A lawful permanent resident (LPR) can be deported for an Aggravated Felony Conviction. Besides being deported, the LPR will be ineligible for most waivers of removal and voluntary departure. The LPR may be subject to permanent inadmissibility after removal. If he or she enters the US illegally after the removal, he or she can be sent to 20 years in prison.
An LPR can be deported if convicted of the following crimes even it not a felony:
- Sexual Abuse of a Minor
- Drug Trafficking (may include, whether felony or misdemeanor, any sale or intent to sell offense, second or subsequent possession offense, or possession of more than 5 grams of crack or any amount of flunitrazepam)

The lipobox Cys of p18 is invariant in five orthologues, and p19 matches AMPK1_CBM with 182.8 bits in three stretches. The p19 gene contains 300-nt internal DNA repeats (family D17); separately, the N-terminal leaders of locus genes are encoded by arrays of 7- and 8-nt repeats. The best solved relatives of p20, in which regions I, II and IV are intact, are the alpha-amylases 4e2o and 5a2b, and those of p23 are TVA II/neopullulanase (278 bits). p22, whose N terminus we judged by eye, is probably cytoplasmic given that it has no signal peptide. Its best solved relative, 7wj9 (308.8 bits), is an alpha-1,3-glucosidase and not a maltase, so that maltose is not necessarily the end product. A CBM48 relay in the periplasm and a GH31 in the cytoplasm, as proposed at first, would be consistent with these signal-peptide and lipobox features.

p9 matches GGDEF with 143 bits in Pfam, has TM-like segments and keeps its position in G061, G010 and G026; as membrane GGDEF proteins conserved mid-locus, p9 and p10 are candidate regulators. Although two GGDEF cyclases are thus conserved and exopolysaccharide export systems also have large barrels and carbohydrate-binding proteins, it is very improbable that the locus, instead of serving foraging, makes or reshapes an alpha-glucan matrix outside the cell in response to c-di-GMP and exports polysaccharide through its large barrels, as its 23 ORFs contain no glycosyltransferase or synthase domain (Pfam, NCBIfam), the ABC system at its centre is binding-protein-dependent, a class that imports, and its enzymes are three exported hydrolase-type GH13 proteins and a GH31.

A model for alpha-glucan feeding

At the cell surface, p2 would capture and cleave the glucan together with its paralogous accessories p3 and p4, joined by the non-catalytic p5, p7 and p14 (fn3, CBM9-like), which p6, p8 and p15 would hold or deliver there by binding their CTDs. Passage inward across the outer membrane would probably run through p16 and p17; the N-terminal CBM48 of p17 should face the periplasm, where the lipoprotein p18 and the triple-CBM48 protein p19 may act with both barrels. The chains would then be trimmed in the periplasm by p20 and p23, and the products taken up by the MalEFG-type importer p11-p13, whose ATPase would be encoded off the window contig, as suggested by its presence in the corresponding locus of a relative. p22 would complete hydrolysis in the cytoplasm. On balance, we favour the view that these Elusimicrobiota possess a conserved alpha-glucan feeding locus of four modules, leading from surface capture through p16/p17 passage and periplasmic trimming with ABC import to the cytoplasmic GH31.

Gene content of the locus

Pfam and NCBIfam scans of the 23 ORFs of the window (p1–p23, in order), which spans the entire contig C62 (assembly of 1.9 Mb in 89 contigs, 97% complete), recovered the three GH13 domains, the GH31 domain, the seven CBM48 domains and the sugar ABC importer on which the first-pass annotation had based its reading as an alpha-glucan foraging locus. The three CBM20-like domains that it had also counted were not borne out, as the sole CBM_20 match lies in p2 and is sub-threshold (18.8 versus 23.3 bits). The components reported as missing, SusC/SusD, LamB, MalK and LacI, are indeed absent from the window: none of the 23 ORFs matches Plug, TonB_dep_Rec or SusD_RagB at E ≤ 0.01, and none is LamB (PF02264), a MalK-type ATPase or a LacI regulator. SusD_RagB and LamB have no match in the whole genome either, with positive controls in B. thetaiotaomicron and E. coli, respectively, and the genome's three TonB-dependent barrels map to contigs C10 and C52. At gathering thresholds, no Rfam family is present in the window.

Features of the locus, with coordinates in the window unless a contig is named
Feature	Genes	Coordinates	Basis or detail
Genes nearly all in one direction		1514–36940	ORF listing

- Firearm Trafficking
- Crime of Violence + 1-year sentence
- Theft or Burglary + 1-year sentence
- Fraud or tax evasion + loss to victim(s) > $10,000
- Prostitution business offenses
- Commercial bribery, counterfeiting, or forgery + 1-year sentence
- Obstruction of justice or perjury + 1-year sentence
- Certain bail-jumping offenses
- Various federal offenses and possibly state analogues (money laundering, various federal firearms offenses, alien smuggling, failure to register as sex offender, etc.)
- Attempt or conspiracy to commit any of the above
Controlled Substance Conviction EXCEPT for a single offense of simple possession of 30g or less of marijuana can also result in deportation. If you are a service member facing one of the above offenses or other serious court martial charges, it may be appropriate to discuss your case with an experienced court martial defense lawyer as soon as possible.